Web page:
The fitment 20 is circular, is of one-piece construction and is molded of resiliently yieldable plastic such as polypropylene. As shown in FIGS. 4 and 5, the fitment includes a circular top wall 30 formed with a substantially flat upper surface. Depending from the outer periphery of the top wall 30 is an annular skirt 32 of short axial length. An appropriately shaped rib 33 (FIG. 5) projects inwardly from the lower end portion of the skirt and is adapted to lock beneath the upper bead 14 of the jar 11 with a snap fit when the fitment 20 is applicated to the jar.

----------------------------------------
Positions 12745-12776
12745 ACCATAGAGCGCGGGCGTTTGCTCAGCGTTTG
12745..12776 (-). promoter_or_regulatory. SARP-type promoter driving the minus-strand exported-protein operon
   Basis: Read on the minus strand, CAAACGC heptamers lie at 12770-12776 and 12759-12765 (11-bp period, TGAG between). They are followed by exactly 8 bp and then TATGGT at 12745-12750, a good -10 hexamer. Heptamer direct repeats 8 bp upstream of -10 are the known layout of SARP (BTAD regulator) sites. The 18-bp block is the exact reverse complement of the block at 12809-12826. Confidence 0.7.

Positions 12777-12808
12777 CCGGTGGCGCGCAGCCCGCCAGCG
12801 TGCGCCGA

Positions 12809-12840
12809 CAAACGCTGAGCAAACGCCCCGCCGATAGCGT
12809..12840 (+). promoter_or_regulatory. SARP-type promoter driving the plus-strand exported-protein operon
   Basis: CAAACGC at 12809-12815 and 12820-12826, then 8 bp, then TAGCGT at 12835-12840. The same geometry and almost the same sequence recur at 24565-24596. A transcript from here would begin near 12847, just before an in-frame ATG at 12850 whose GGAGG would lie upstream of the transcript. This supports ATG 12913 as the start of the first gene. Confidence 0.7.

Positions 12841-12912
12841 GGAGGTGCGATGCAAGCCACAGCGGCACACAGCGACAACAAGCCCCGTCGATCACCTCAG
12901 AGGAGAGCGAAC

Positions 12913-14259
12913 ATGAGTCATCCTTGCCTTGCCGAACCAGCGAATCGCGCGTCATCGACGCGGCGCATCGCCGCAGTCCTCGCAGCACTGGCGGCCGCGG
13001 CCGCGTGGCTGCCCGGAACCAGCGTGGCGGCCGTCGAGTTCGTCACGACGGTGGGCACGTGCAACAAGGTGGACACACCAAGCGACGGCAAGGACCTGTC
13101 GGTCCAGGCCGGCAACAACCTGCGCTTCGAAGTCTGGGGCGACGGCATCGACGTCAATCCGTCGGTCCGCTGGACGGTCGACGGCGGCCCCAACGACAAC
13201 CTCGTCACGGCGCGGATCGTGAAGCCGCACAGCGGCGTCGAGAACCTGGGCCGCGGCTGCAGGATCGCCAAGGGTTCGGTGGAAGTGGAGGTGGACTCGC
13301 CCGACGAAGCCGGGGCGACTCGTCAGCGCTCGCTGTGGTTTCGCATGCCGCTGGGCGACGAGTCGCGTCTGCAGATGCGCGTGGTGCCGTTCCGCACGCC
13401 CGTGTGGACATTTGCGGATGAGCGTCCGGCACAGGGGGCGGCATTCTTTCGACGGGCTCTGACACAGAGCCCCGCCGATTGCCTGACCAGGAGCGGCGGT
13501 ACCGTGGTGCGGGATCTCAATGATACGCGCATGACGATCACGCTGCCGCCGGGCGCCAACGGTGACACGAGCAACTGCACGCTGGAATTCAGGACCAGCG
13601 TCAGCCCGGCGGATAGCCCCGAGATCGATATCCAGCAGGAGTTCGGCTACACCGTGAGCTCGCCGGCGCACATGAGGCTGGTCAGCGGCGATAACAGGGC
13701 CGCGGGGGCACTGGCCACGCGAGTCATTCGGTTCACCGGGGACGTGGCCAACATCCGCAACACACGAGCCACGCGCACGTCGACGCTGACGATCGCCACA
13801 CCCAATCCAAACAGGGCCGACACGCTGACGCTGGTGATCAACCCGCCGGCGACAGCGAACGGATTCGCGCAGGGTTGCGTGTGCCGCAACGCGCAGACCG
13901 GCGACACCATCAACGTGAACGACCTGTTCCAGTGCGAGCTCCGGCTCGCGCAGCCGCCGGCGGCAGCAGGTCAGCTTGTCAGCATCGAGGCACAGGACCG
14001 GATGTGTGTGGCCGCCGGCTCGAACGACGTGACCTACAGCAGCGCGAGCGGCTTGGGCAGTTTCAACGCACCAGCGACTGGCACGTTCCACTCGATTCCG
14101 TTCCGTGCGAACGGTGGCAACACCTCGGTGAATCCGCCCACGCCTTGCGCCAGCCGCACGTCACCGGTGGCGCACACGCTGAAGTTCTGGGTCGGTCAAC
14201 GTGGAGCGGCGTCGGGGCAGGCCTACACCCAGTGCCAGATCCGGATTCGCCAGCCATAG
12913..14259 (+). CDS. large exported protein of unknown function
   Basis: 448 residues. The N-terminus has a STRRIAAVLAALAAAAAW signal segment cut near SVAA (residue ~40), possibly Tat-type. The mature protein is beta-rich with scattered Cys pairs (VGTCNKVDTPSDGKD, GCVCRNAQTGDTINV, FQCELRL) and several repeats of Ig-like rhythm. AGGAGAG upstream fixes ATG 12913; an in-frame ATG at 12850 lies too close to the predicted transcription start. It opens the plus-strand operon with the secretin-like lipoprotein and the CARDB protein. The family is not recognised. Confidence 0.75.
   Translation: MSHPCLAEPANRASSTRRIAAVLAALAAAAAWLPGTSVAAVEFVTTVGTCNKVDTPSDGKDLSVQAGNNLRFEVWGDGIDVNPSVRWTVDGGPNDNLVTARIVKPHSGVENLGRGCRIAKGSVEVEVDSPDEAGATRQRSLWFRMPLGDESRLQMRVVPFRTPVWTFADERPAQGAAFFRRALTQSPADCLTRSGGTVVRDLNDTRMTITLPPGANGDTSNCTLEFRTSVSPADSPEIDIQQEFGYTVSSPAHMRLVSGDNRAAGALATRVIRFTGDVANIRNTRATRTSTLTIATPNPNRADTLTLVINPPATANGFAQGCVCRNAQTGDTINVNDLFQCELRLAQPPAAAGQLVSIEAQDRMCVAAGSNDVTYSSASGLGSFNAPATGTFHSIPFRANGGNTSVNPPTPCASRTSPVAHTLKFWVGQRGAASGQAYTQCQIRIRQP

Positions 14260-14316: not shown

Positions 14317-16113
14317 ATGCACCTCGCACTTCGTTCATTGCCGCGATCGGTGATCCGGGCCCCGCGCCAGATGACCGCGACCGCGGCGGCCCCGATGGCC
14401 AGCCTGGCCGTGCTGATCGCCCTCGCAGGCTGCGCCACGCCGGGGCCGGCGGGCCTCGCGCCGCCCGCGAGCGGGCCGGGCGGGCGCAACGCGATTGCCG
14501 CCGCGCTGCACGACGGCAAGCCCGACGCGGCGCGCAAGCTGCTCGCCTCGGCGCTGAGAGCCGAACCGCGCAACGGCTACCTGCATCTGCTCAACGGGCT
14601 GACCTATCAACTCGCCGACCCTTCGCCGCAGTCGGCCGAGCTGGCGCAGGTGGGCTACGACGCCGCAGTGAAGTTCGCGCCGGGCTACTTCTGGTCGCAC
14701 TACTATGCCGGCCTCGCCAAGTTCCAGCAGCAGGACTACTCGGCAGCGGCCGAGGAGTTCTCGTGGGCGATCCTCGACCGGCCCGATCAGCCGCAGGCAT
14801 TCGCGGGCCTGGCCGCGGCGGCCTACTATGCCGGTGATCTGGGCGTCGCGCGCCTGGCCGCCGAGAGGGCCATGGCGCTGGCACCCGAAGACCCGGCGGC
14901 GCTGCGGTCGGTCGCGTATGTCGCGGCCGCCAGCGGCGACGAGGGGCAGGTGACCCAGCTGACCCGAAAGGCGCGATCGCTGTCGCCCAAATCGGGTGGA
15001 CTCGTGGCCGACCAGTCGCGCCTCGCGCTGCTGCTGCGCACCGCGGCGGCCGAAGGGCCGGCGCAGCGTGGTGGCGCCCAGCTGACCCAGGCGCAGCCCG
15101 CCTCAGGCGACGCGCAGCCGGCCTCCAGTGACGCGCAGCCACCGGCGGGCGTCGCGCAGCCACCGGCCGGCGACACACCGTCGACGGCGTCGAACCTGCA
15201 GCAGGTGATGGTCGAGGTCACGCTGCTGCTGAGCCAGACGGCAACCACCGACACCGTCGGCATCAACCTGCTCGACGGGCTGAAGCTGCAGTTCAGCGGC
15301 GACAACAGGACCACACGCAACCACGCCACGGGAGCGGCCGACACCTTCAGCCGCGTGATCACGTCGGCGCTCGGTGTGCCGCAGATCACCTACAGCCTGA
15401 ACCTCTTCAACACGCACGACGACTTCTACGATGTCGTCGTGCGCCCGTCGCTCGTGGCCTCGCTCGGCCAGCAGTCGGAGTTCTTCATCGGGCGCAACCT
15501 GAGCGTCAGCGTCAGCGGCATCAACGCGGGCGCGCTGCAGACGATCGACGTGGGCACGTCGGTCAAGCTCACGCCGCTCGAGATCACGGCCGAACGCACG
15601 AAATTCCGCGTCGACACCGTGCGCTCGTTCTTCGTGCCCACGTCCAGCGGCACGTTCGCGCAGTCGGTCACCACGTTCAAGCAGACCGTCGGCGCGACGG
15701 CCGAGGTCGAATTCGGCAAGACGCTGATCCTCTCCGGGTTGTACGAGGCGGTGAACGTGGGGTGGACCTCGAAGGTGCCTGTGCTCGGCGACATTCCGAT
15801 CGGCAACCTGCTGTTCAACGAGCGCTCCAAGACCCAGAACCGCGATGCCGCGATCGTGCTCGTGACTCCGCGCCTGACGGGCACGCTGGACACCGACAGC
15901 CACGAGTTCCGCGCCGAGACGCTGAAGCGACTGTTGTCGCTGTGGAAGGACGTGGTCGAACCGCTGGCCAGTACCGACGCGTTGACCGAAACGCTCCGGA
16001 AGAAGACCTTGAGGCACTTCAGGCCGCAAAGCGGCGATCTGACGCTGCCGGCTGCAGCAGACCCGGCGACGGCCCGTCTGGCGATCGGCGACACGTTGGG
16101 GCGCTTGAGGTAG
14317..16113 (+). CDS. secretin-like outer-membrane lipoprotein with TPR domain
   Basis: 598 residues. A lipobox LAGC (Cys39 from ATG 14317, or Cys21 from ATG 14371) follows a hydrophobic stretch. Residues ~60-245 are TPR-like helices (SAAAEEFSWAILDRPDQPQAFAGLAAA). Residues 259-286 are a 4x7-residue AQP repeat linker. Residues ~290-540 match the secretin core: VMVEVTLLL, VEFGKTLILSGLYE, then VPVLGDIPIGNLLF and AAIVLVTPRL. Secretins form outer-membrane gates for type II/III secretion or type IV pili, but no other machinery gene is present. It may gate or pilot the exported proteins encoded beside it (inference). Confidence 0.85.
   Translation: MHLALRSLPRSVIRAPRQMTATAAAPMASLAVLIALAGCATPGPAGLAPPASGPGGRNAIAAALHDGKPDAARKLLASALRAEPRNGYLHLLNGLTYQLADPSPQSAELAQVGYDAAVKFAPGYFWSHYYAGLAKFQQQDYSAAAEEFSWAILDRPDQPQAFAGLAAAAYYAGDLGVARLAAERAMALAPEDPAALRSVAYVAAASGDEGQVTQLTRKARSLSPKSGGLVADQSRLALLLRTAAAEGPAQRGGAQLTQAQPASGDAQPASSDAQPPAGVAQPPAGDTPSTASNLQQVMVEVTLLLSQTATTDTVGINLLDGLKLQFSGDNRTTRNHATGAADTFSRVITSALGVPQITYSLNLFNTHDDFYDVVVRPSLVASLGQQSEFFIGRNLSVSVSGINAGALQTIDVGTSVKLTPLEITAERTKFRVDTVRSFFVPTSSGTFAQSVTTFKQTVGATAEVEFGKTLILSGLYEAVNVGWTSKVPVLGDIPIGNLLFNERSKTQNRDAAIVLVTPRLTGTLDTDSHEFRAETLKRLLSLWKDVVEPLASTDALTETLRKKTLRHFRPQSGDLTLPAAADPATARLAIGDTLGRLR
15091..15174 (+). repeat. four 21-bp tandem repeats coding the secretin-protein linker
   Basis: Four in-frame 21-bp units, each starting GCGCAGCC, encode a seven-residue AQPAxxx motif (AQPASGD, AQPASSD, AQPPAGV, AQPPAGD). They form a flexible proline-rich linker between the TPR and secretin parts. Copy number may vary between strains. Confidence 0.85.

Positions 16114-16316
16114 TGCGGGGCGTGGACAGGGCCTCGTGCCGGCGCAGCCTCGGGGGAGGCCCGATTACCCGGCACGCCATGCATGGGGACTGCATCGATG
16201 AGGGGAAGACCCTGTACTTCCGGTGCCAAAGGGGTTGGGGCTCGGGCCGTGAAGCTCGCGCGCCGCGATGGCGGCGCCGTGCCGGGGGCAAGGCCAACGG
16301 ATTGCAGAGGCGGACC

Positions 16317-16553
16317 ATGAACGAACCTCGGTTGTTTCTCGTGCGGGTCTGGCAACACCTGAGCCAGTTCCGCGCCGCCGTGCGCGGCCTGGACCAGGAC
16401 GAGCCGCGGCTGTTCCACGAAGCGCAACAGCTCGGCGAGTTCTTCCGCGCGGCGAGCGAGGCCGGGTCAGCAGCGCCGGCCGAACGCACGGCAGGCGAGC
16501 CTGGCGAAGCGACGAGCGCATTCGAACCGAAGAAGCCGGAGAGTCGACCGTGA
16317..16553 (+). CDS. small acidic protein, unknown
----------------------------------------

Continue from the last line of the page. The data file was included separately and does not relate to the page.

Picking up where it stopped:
The fitment 20 itself may take many specific forms. In this particular instance, a groove 35 (FIG. 4) is formed in the upper side of the top wall 30 along a chord thereof and defines a living hinge for a flap 40 which is adapted to be swung between open and closed positions. While the hinge could lie along a major chord (i.e., a diameter) of the top wall, it herein extends along a chord which is offset slightly from a diameter so that the area of the fitment 20 on one side of the hinge is somewhat greater than the area on the other side of the hinge. A dispensing opening 43 (FIG. 4) is formed through the side of largest area and is generally semicircular in shape. The flap 40 is of the same shape as the dispensing opening 43 and is adapted to close the opening. When the flap is swung to its open position, a spoon may be inserted into the opening to remove the contents of the jar 11 or, alternatively, the contents may be poured out of the jar through the opening.